Which clinical history findings are characteristic of McCune-Albright syndrome (MAS)?

Updated: Jan 17, 2019
  • Author: Gabriel I Uwaifo, MD; Chief Editor: George T Griffing, MD  more...
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Answer

Hyperthyroidism rarely occurs in MAS without several other features of the syndrome also being present. A family history of autoimmune thyroid disorders supports a diagnosis of Graves disease, though Graves disease can occur in the absence of a family history. If no other features of MAS are present, autoimmune thyroid disease is far more likely. In cases of unexplained hyperthyroidism, surreptitious administration of thyroid hormone should be considered; again, this explanation would be more likely in the absence of physical findings of MAS.

Infantile Cushing syndrome may initially be seen without other signs of MAS. Cortisol excess should be considered in any infant with profound failure to thrive, hypertension, muscle weakness, and easy bruising. Unlike older children with cortisol excess, infants may have decreased appetite and food intake.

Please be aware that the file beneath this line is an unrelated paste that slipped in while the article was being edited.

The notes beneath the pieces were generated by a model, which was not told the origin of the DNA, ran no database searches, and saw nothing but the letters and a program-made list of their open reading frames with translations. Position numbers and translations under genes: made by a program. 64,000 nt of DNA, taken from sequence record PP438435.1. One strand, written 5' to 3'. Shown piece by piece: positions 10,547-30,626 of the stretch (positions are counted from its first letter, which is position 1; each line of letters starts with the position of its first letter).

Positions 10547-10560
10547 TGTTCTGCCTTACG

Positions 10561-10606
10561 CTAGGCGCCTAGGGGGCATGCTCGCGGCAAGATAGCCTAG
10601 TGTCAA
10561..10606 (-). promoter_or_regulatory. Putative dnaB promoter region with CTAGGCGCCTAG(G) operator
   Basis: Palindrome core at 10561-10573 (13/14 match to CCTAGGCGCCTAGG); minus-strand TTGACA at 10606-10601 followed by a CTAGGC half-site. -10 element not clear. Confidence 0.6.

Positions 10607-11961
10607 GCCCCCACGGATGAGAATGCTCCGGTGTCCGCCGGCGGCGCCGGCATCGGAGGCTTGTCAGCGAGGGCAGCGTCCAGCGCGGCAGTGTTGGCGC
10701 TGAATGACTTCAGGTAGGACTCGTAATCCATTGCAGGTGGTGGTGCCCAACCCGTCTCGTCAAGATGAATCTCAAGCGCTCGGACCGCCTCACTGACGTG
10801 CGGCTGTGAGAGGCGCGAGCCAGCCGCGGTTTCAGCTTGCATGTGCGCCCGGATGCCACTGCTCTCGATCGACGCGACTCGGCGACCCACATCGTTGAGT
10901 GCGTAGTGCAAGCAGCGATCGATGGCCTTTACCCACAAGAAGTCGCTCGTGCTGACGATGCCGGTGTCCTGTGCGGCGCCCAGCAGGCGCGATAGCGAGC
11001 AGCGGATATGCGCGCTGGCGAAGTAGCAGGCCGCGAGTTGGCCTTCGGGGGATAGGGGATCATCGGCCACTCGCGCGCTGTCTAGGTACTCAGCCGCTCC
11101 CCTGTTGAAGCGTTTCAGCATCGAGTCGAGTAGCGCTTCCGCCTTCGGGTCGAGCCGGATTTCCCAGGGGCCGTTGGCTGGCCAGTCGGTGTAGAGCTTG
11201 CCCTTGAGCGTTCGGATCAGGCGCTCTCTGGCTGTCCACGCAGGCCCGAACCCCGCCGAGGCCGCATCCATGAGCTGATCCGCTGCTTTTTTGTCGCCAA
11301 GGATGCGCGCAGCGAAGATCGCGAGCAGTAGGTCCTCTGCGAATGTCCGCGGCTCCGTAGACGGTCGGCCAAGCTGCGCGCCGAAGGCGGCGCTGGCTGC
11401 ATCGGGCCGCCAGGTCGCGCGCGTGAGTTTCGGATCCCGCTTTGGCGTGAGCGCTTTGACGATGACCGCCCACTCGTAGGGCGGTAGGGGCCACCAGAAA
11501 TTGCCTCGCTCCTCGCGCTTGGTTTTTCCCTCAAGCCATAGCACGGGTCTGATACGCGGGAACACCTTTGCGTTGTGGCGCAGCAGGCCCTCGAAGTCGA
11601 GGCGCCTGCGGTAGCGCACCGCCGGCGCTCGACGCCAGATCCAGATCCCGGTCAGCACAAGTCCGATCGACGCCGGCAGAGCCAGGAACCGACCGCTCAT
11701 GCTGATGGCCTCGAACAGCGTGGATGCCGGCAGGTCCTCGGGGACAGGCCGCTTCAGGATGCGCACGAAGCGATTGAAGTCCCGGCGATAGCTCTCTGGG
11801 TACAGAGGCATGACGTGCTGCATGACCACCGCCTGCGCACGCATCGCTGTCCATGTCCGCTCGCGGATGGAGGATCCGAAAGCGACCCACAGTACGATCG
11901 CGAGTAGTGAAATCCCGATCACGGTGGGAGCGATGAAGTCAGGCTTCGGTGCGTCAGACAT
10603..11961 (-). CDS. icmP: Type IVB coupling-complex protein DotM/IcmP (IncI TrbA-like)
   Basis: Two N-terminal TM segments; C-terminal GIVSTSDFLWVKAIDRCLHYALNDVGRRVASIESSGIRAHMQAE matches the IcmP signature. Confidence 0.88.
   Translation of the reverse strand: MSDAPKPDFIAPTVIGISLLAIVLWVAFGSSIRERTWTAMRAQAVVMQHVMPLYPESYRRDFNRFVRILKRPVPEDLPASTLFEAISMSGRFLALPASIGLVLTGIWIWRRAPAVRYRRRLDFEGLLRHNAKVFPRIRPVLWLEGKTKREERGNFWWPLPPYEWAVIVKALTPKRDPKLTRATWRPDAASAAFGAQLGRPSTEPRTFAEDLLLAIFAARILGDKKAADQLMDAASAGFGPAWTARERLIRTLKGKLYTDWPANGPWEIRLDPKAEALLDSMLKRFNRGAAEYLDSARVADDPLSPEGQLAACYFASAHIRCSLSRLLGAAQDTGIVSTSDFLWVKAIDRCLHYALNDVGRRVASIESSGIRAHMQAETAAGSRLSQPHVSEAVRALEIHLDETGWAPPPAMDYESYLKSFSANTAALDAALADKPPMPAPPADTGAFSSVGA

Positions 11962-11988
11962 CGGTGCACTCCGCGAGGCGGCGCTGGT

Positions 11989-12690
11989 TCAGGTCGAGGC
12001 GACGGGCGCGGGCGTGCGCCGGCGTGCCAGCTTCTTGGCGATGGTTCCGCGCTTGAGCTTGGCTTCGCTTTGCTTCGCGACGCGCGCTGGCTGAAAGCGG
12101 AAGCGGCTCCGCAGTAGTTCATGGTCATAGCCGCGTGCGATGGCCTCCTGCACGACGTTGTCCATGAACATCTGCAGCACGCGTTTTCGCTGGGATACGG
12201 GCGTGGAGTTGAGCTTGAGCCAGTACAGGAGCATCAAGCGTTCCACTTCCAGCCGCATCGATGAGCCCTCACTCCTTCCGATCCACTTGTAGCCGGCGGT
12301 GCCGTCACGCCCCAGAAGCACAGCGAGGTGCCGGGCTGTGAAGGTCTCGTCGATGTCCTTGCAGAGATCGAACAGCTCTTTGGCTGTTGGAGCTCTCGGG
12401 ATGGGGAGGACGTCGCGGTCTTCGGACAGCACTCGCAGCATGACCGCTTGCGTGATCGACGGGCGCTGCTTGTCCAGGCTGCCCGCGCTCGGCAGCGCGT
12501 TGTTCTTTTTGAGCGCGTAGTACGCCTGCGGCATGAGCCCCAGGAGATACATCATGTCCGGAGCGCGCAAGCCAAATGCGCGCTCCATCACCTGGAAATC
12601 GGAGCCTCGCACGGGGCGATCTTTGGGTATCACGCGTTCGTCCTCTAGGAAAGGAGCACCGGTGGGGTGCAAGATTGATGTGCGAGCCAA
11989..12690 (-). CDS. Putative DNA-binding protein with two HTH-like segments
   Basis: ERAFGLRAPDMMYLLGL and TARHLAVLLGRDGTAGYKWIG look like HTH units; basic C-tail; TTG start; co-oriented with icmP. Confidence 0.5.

In the absence of other signs of MAS, exogenously administered steroids should be considered before excess cortisol is attributed to an activating mutation of the alpha subunit of the stimulatory G protein (Gs alpha; GNAS1 gene). Injections of steroids can be long-lasting; triamcinolone acetonide has caused Cushing syndrome for well over 1 year after the final injection, presumably as a result of an inability to metabolize and excrete the steroid.

Growth hormone (GH) excess coexisting with MAS is uncommon and generally is not found until early adulthood or mid-adulthood. Patients with MAS and GH excess present with the same paradoxic responses as regular patients with acromegaly upon thyrotropin-releasing hormone stimulation and upon oral glucose tolerance tests.

Associated hypogonadotropic hypogonadism may be present, particularly in the setting of hyperprolactinemia. Hyperprolactinemia in the absence of acromegaly has not been described in patients with MAS.

Rarely, MAS has been associated with high-output congestive heart failure similar to that seen in Paget disease.


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